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Will the FDA Crackdown on Imported Prescriptions Cost Local Governments?

For years, hundreds of cities and counties have been saving money by letting their employees use cheaper drugs from other countries.

A pharmacy in Canada.
A pharmacy in Canada.
The cost of employee health care is rising, and prescriptions are a big part of the reason.

Nationally, the prescription portion of health spending has grown dramatically -- from about 4 percent in the 1980s to roughly 20 percent today, according to the Segal Group, a firm that consults with governments on health care.

Hundreds of local governments have found a way to cut back. They are covering drugs imported from countries where medications are sold at lower prices. In Canada, one of the providers, per-capita spending on retail prescriptions is 40 percent less than in the United States.

"We figured if there was anything we could do to reduce our prescription costs, we would try it," says Stacie Mason, human resources director for Sarasota, Fla. 

Since January 2018, Sarasota has worked with CanaRX, a private Canadian company that takes prescriptions written by U.S. doctors and finds pharmacies in Canada, Great Britain and Australia that will fill them. Other companies have tried to build similar businesses, but CanaRX appears to have this market to itself. It currently services prescriptions for employees of about 500 local governments in America.

There are federal rules against organizations importing drugs into the United States, but they don't stop individuals from getting FDA-approved drugs from other countries in limited supply for their own personal use. Wherever it does business, the CanaRX relationship is with employees -- governments are not directly involved in the transactions, says Joseph Morris, the chief counsel for CanaRX in the United States.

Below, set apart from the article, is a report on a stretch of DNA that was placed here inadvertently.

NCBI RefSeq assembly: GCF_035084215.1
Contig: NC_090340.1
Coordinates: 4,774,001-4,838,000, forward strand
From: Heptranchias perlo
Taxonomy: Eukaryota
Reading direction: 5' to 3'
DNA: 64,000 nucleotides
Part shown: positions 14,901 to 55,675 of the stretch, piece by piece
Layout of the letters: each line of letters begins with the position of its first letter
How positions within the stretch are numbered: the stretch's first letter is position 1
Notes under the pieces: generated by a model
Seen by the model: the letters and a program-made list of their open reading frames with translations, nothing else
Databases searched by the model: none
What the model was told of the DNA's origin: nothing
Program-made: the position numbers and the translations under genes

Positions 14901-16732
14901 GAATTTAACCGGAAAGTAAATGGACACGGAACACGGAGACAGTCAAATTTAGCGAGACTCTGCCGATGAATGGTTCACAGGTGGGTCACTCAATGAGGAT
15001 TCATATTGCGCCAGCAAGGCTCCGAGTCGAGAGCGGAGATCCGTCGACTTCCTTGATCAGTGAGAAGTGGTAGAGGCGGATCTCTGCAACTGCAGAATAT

The imported prescriptions are generally free of co-pays, which incentivizes employees to use this option. The company, however, limits its services to brand-name drugs used for health maintenance, such as controlling high blood pressure. It does not export controlled substances, drugs used for short-term use, such as antibiotics, or expensive specialty drugs like the ones used to fight cancer or hepatitis.

Still, in the first full year that Sarasota offered employees this option, the cost of imported drugs was 72 percent less than if the drugs had been purchased from U.S. pharmacies. 


FDA Crackdown

Local governments have been importing prescription drugs since the early 2000s, but federal enforcement against the practice has recently grown. 

In October, the Food and Drug Administration raided nine stores in Florida that help Americans buy foreign drugs. In February, the FDA sent CanaRX a harsh letter accusing the company of violating several sections of the Food, Drug and Cosmetic Act by introducing unapproved and misbranded drugs into the U.S. The letter listed 14 specific drugs, which CanaRx immediately removed from its list of prescription offerings.

Safety is a concern for everyone involved.

Morris, the CanaRX rep, says, "I want to emphasize that in the world of transborder pharmaceuticals, there are a lot of bad actors. We think the regulators, the FDA and state boards of pharmacies are all doing the right thing when they try to crack down on medicines that are dangerous to the health of people. We view ourselves as allies. We’re dealing with real prescriptions, real doctors and real brick-and-mortar companies, and we work with countries that have high levels of comparable safeguards."

Morris says CanaRX has strict safety protocols, carefully vets pharmacies and has yet to have a patient safety issue reported.

In Schenectady County, N.Y., which has offered the CanaRX option to employees since 2004, "no safety issues have come out," says Chris Gardner, the county’s attorney. "It’s been popular with employees and with the public because they know we’re saving money."


Other Ways to Save

Importing drugs, however, isn't the only way governments are cutting back on drug costs. Others are negotiating higher rebates from manufacturers, increasing the use of generics and requiring employees to try cheaper drugs first, says Ed Kaplan, national health practices leader for the Segal Group.

In Schenectady County, the growing use of generic medications has limited the need for imported drugs. In 2008, CanaRX prescriptions made up 30 percent of the total cost of employee prescriptions.  In 2018, it was 7 percent, according to Gardner. Although the degree to which Schenectady uses CanaRX has lessened, Gardner continues to regard it as important.

When governments ask the Segal Group about CanaRX, the consultant refers them to their own internal general counsel’s offices. 

"We don’t advise against it," says Kaplan, "but we don’t say do it."  

This appears in the Management newsletter. Subscribe for free.

Caroline Cournoyer is GOVERNING's senior web editor.
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